What’s with the curling brooms?
After a curler throws a stone, his or her teammates will often start sweeping the ice in front the stone as it glides down the ice. Why is sweeping the activity that requires the most exertion in this particular Olympic sport? Physics! The sweeping warms the ice and reduces friction, allowing the stone to travel farther and straighter. Depending on the path of the stone and its intended target, a team’s skip will instruct the other curlers to either start sweeping like a teen whose parents are returning home early to an illicit house party, or to lift their brooms.
What’s new for curling at the 2018 Winter Olympics?
A mixed doubles tournament! Olympic organizers have added a mixed doubles curling event to the PyeongChang program to complement the men’s and women’s competitions. Mixed doubles curling teams consist of just two players — a woman and a man — instead of the usual four players per team. Matches are eight ends long, not 10, and the two players alternate throwing five stones per end instead of eight: one player throws the first and last stones, while the other throws the second, third, and fourth rocks.
Mixed doubles adds a wrinkle. A sixth stone for each team isn’t thrown, but set on the ice before the start of the end. The stone of one team is positioned in the middle of the ice, guarding the house, while the other team’s stone is set in the house, near the button. The team with the hammer decides where the stone is positioned; if the team places its stone as the guard, however, the other team gets to take the last shot of the end.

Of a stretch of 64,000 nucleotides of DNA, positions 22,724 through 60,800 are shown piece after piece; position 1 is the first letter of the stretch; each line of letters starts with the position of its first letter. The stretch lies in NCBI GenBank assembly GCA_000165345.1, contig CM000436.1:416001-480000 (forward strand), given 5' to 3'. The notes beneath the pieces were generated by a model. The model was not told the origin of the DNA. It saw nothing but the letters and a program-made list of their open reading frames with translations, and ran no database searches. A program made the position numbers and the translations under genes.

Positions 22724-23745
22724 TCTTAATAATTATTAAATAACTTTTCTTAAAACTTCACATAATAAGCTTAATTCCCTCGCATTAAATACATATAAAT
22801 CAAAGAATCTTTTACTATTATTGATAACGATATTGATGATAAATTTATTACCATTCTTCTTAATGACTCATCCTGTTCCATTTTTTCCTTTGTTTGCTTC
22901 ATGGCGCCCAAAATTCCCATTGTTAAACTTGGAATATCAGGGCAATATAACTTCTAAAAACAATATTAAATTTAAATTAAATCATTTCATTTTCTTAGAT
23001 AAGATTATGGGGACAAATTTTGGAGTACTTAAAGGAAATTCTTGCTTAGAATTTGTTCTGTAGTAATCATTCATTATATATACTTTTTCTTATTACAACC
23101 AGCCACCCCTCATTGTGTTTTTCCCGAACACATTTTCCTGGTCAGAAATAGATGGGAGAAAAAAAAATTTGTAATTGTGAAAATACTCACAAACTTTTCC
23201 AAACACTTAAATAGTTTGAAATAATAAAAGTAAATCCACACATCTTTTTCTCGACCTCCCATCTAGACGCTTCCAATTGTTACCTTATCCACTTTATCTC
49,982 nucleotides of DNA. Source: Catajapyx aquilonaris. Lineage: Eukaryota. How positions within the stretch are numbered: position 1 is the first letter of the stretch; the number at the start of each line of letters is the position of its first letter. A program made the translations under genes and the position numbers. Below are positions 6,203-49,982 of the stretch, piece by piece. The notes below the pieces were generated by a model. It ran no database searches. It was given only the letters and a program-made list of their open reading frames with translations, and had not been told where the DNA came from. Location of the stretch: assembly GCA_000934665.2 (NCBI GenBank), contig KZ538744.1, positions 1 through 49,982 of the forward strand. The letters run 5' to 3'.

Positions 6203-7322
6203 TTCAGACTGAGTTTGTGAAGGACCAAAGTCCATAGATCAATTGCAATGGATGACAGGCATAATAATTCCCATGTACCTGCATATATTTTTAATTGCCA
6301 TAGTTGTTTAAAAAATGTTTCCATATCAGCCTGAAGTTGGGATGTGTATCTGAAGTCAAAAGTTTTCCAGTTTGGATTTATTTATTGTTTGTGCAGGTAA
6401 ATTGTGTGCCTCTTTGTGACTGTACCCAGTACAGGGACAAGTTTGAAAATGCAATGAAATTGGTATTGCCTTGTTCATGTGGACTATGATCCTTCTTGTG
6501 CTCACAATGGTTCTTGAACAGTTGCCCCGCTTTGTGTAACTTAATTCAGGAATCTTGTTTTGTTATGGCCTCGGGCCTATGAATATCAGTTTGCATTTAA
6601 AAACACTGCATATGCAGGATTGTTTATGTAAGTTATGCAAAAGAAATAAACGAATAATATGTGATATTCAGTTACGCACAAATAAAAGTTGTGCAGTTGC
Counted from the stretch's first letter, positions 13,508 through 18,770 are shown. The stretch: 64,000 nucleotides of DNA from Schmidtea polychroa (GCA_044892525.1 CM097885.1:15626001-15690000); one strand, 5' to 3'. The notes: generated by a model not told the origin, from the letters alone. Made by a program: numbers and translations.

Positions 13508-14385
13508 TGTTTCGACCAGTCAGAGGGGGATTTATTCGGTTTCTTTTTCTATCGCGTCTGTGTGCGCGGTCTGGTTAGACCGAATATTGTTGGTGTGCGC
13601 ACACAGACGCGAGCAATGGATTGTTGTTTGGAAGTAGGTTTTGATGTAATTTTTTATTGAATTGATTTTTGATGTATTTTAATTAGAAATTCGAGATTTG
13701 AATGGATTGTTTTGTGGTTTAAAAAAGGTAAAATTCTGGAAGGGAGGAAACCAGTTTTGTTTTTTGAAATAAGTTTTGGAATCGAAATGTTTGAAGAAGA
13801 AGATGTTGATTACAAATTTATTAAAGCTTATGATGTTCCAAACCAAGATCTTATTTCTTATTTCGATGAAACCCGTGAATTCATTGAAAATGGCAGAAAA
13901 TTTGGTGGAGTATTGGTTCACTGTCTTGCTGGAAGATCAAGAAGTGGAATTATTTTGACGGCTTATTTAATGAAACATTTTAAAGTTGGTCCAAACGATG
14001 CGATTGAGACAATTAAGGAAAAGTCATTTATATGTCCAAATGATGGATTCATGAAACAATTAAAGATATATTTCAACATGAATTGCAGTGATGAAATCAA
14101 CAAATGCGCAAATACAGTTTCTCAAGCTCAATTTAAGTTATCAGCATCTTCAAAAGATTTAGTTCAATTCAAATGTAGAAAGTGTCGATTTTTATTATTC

Once per game — but not in tie-breaking “extra ends” — the mixed doubles team with the hammer can decide to exercise a “power play.” In the power play, the pre-positioned stones are shifted to the side.
In a perfect world, would curling power plays involve broomstick fighting and a penalty box like they do in hockey, rather than moving rocks around? Probably. But a more genteel game will do just fine. Mixed doubles scoring is the same as the traditional curling game. The team with the most stones closest to the button earns the points in that end.
How are people reacting to curling so far this year?
Curling doesn’t get a lot of air time or publicity outside of the Olympics. So for those who aren’t already part of the curling community and fanbase, it can be quite a journey from discovery to obsession every four years when the sport finally gets its moment in the sun. This year is no exception. From those who find the sedate pace soothing to those who are befuddled by the rules, here’s how viewers are reacting this year to their reintroduction to curling.
TIME reporter Raisa Bruner contributed to this article.